Disclosure. It’s a vital component to building trust with an audience (that’s you) and not being a jerk-ass writer (potentially me). In an effort to not be a jerk-ass, I’ll disclose my biases and motivation(s) for writing this post.
- I love the CBC. As a contract columnist, the CBC asks me to disclose any connection to, freebie from, or incentive by a winery. I like that.
- I dislike advertorials. As a freelance writer I’m asked to pen all sorts of things – I (now) decline these. It’s a hard stand to take when the mortgage is due, but it’s where I planted my feet.
- I don’t like to ask for free stuff. The result is that I’m invited to WAY fewer events/places/etc, but it means that when I write about something it’s because I genuinely want to.
- Readers should have the straight goods. A writer/blogger/whatever that’s invited on a media trip (and is comped anything) should disclose it in her/his writing. Period.
Feel free to agree or disagree – but now you know where I stand before I get into the thick of things. This could be a messy one, so hang on.
I wanted to take a short trip with my fella; somewhere close by so we could maximize our Friday-to-Sunday time schedule. The goal: a weekend away, possibly playing double-duty as writing inspiration, and absolutely involving wine.
We were looking to stretch our dollars and a close acquaintance had once said “come stay with us if you’re ever in Chelan”. I contacted our new friend Katy and arranged an overnighter. Not wanting to outstay our welcome, I sought additional accommodation for a second night – but high season in a tourist destination meant spending significant coin. Damn. So I got in touch with the visitor’s centre and asked if any local accommodators could offer a discounted rate for “media”.
I rarely play the media card; I’d rather stay under the radar. But when it came to the only real away-time I’d have with my honey for the season, I caved. The nice people at Lake Chelan found a hotel willing to discount a one-night stay. While this was going on, I pitched a little something for online publication to legitimize the whole thing. My editor said yes, and I breathed a sigh of relief.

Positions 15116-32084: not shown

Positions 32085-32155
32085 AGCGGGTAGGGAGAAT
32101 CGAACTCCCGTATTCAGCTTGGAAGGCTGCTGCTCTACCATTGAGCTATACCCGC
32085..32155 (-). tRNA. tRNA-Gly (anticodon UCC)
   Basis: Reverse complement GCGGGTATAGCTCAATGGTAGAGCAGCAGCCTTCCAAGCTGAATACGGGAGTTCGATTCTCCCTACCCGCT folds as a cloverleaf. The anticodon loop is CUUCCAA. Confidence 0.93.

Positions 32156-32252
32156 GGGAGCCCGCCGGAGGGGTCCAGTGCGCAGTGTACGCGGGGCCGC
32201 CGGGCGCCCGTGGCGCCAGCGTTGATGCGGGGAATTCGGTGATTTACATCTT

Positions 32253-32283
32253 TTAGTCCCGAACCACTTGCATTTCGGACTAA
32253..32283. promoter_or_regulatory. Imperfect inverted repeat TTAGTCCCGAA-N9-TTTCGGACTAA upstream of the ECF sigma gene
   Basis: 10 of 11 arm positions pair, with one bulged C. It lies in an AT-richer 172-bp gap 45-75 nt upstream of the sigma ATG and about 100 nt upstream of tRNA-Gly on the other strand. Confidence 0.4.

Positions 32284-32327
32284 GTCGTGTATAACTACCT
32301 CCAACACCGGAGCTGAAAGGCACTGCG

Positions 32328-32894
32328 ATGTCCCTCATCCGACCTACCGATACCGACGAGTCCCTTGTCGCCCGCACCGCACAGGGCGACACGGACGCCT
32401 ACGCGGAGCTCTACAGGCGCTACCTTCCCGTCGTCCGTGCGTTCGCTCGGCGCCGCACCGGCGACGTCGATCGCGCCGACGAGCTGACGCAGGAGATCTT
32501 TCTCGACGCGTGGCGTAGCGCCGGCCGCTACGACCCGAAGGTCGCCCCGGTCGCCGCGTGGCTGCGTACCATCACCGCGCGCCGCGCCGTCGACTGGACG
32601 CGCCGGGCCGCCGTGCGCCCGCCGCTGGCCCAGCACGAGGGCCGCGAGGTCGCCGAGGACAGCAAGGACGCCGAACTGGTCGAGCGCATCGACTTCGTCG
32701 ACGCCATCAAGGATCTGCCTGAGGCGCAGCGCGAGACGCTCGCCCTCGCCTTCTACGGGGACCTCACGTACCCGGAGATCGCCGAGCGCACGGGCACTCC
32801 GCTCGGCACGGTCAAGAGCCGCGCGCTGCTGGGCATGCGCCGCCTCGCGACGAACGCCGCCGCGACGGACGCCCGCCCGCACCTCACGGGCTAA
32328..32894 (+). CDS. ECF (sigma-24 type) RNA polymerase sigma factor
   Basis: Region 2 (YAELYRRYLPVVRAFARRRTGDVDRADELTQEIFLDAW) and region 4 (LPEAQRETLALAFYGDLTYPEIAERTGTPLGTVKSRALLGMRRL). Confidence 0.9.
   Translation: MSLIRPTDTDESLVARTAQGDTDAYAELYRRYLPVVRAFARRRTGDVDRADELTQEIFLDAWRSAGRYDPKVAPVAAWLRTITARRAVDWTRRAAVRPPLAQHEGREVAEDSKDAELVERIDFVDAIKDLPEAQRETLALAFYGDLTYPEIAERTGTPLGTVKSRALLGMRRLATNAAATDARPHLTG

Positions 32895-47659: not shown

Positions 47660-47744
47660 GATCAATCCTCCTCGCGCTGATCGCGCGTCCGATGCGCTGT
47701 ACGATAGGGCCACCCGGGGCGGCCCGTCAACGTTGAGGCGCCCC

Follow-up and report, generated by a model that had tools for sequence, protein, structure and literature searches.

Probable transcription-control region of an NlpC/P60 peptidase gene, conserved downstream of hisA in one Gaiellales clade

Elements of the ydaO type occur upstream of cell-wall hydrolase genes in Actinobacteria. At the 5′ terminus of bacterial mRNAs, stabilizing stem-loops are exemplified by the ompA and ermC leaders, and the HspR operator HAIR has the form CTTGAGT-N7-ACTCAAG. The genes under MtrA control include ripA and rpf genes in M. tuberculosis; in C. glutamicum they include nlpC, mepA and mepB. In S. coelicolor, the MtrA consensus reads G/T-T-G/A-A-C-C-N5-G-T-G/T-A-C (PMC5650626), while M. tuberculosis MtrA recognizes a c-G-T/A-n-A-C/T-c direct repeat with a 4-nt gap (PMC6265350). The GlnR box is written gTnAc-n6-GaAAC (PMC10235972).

After dodging what I felt was a fraud-bullet, a writer colleague told me to get off my high-moral horse: I was providing a return benefit to the area – it wasn’t a handout – and other writers do this all the time. Ugh. Or as I’d tweet: #lesigh. I disclosed the freebies in the article where appropriate and when it didn’t sound like an infomercial.
What concerns me about I-give-you-something-and-you-give-us-something relationships between writers and those offering is a lack of disclosure on the part of the writer. It’s our responsibility to give it up. I disclose perks or gratis anything, yet I find it challenging to stay balanced on the narrow bridge between advertorial-ick and a glowing response to a well-hosted good time.
Do I feel my article stayed on course? Well, I didn’t omit the negative because I was given a few perks – we had a poor breakfast experience at a location I won’t name because if you know anything about me you know I don’t play that way. I felt encouraged to write positively about the area because we had a great visit.
Any good article or prose should leave the reader asking questions – if not about the content, then about what motivated the writer to tell that story. In an earlier post I mention how travel can often be on the dime of the writer seeking the experience, so I don’t begrudge anyone a complimentary anything. I’d love to take a sponsored trip and see how much that inner voice nags at me while I write. I’ll tell you all about it.
Meanwhile, I ask that the audience (that’s you) read with a critical eye – and I hope my fellow writers write nakedly. Perhaps not literally, because that could get weird.